The second part of the talk will be on understanding probability also at the edges.
The Black Swan Event refers to those exceedingly unlikely events that somehow seem to occur all the time.
Nasim Taleb wrote a book on what they are and how to cope with them. The Black Swan is a book on the occurrence of rare or unexpected events.
It is so named because the existence of a black swan was speculated on in the Northern Hemisphere.
None were ever seen and it was thought they could not exist.
Until Europeans arrived in Western Australia.
There are a lot of rare events that have occurred through history. The existence of Tsunamis was another.
Although well documented in medieval Japan such events were virtually unheard of in Europe.
Two reasons , the lack of as much volcanic activity and the utter destruction wreaked when such an event occurred as in Sicily in the early 1900’s.
Asteroid impact is another.
Extremely remote as a possibility the Gulf of Mexico event was thought to have nearly wiped out life on earth.
Volcanic eruptions such as Pompeii and Krakatoa caused massive local damage and in the latter case had effects around the world.
Disasters figure in our literature, such as the great flood in the Bible .
Man made weapons of destruction such as Hiroshima are another that was never predicted.
Plagues and Pestilence. The potato Famine. The invasion by Genghis Khan.
As do the mysteries of life.
None more so than the origin of the universe and the possible existence of god.
Neither of these can lay claim to being an expected or repeatable phenomenon.
Black Swan events are by their very nature unpredictable, like the great stock market collapse.
They are theoretically extremely rare.
But they happen much more frequently than people expect and with sometimes devastating consequences.
As such they form part of the rich tapestry of prediction and possibility.
Why do rare events seem to occur frequently.
The answer to this lies in the fact that rare events in any one particular field are rare but there are many ,
many fields and there are many different types of rare event.
If we lump all the individual rare events of different types together it becomes almost commonplace to have a rare event somewhere in the world every day.
We notice the rare events because they stand out so dramatically above the background noise that they get our full attention, even though there are millions of normal things happening.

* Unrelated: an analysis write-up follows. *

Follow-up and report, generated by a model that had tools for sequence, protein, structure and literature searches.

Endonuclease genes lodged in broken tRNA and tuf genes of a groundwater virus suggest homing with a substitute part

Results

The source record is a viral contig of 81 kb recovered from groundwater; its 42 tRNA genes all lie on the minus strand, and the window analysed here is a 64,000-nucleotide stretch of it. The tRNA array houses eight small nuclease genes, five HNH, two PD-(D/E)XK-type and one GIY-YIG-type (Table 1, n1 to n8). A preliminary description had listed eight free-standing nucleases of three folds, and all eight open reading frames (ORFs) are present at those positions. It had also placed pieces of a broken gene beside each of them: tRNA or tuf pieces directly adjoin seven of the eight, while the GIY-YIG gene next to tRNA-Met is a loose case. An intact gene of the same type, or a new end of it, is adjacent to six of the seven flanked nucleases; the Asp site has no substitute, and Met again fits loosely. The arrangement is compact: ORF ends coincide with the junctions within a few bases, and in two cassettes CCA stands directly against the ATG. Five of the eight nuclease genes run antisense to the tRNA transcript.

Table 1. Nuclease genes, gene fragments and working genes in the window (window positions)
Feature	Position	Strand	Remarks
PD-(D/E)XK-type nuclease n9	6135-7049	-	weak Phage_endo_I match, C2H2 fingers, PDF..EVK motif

I like to quote the American Professor Feynman, one of those who helped invent the Atomic Bomb.
Speaking to a class like this he said I noticed a car in the car park today with the number plate ARN996.
There is probably only one like that in Australia. How unusual and exciting was it that I should see that number plate today.
The point he was making is that every event, every one of us is unique in our own special way.
A rare event is just like every other event. It has a small but finite chance of happening and today might just be your lucky day.
The fact that it happens out of kilter with our expectations is no reason for it not to happen.
The point is that a lot of us take results that stand out as being noteworthy without realising that statistically there may not be anything special about them at all.
The example he gave was of a thousand American companies that managed stock portfolios. Every year the hundred best ones are listed. The following year ten are listed and the next year 2.
Which one should you choose to invest with?
Statistically one of them has made it purely on the luck of the draw.
Statistically both of them might have made it by luck alone.
Yet the impression left is that these two gurus are astute knowledgeable traders able to out see and outperform their peers.
This is a form of bias that attracts our minds.
We reward results that might reward us without paying due attention to the reasons behind the result.
The Black swan event here is often a mirage.
Worse it carries over to a lot of events that happen in our daily lives.
Our Dentists, Our doctors, our beauticians.
Are they the best or did they just get lucky somewhere along the line at school?
True greatness resides in more than just a few good results, outstanding though they may be.
In deference to financial issues, shares and stockmarkets he offers this prescient advice.
You cannot avoid making bad, or goo decisions but bad outcomes trouble you a lot more than good ones.
Plan a little for contingencies and hard times.
Back your feelings and mood but do not put the house on any or several events.
Keep a little powder dry and ready for the bad times when they come.
The moral statistically is in another sense.
We tend to look for patterns in data and data interpretation.
Expecting it to be there.